Stranger still, to my mind, was that several people I spoke to mentioned seeing a press release that explained everything. Having looked at the festival’s press page and failing to find such a release in English, and having never received a single press release personally from the festival in soft or hard copy, I can only presume that it exists somewhere in Egyptian Arabic, possibly French.
Accepting, finally, that finding commentary on the record to support whispers from the breakfast buffet was a fool’s errand, I considered the film’s content. I had, after all, seen the film with my own eyes in February at the Berlinale. From my perspective, the content is not at all controversial: the film is about four friends living in different cities trying to make sense of their lives. Universal themes of love, loss and melancholy for the ever-changing places they live consume the narrative. But, as I was reminded by a fellow critic, there is one comment that criticises the Egyptian Army in the film. It’s not difficult to imagine that, in a country governed by military, and with potential for political dissent around every corner, censorship in the arts is possible. There were no fewer than four security checkpoints between the outer gates and the front doors of the Cairo Opera House for the festival’s Opening Night Ceremony, and every minute of my experience in the city, outside of my hotel room, was chaperoned. I’m not saying these were paranoid provisions. I don’t doubt that they ensured my safety, and yet I do think this goes some way in explaining just how volatile the situation between government and dissent is, at least, perceived to be.
I asked El Said if there was anything he could think of that could have contributed to the decision – political associations, perhaps? He is, after all, a founder of the city’s alternative film centre, the Cairo Cinematheque. A cinephile community space, with 8mm and 16mm lab equipment, a screening room, a library of DVDs and other digital formats, as well as home to German filmmaker Harun Farocki’s Steinbeck, the Cinematheque represents the artistic freedom that the festival stifles. Though I wanted very much to visit the downtown site, I was discouraged by our chaperones due to El Said’s involvement. He had spoken out against the festival, I was told, and there probably wouldn’t be time to visit. Still, El Said was reticent to tell me what he thought the reason for refusing his film from the festival might have been:
I don’t know, this thing about if it’s controversial or not. This is a very relative thing; maybe from your point of view it’s not controversial, but maybe from another point of view, maybe it is, I don’t know. I can’t really speculate, or I can’t say why because I don’t want to accuse people without having evidence. For me, we have a very clear case here: where there is a film that was selected and announced, this film stayed very loyal to all the commitment and the agreement and the deal that was done with the festival, and all of a sudden this festival decided to take it out – not only from this section but take it out from the whole program and refuse … the chance to change this position, and lie to the public, and say that this is because of the filmmakers when they know that this is not because of the filmmakers. So, for me, what is raising doubts … (is) their incapability of presenting any logical argument that is convincing to anyone.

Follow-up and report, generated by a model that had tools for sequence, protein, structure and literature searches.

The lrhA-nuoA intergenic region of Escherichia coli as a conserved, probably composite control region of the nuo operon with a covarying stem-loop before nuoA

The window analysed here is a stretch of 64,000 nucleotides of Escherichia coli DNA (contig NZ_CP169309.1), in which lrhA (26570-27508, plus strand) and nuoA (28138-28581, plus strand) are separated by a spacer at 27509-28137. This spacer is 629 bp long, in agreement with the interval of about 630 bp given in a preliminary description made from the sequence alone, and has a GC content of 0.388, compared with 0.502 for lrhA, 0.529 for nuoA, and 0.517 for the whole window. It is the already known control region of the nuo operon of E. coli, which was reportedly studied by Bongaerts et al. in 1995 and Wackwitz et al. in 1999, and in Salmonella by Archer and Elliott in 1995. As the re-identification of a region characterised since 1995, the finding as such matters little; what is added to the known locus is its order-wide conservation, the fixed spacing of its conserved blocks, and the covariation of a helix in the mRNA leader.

Maybe El Said genuinely is baffled by the festival’s decision, or maybe he’s too scared to tell me that the state has some sort of control over the festival’s programming. I wonder if he’s concerned about how I’ll portray the situation or his role within it; when I’m safely back in the UK writing up this report he’ll still be living in Cairo, after all. I’ll probably never know for sure, but I do know that whoever does have control over the programming needs to be replaced, or shaken up at the very least. For an international film festival to have sixteen titles in official competition and for less than a third of them to be anywhere near competent, worthy works of social, historical, political or cultural entertainment, or aesthetic art, suggests something is severely wrong.
Though I’m used to a lack of equity in the sector, I still hope for a fair representation of gender, ethnicity and international perspectives in these selections – understanding humanity through art is one of my major motivators in pursuing a career as a film critic. And while there was a range in the festival’s representation, I was struck, and I think, dumbfounded, by the rampant sexism. I lost count of how many times women were referred to as sluts and whores, (though I recall it strongly from Dobra žena, [A Good Wife] Perfetti sconoscuiti, [Perfect Strangers] and Câini [Dogs]) and I was dismayed to see that the visual reveal of rape is still operating as a mainstream money-shot, (Voir du pays [The Stopover]) and that homosexuality and mental illness are still played for laughs and character humiliation (Perfect Strangers, and Polarpoiss [The Polar Boy]).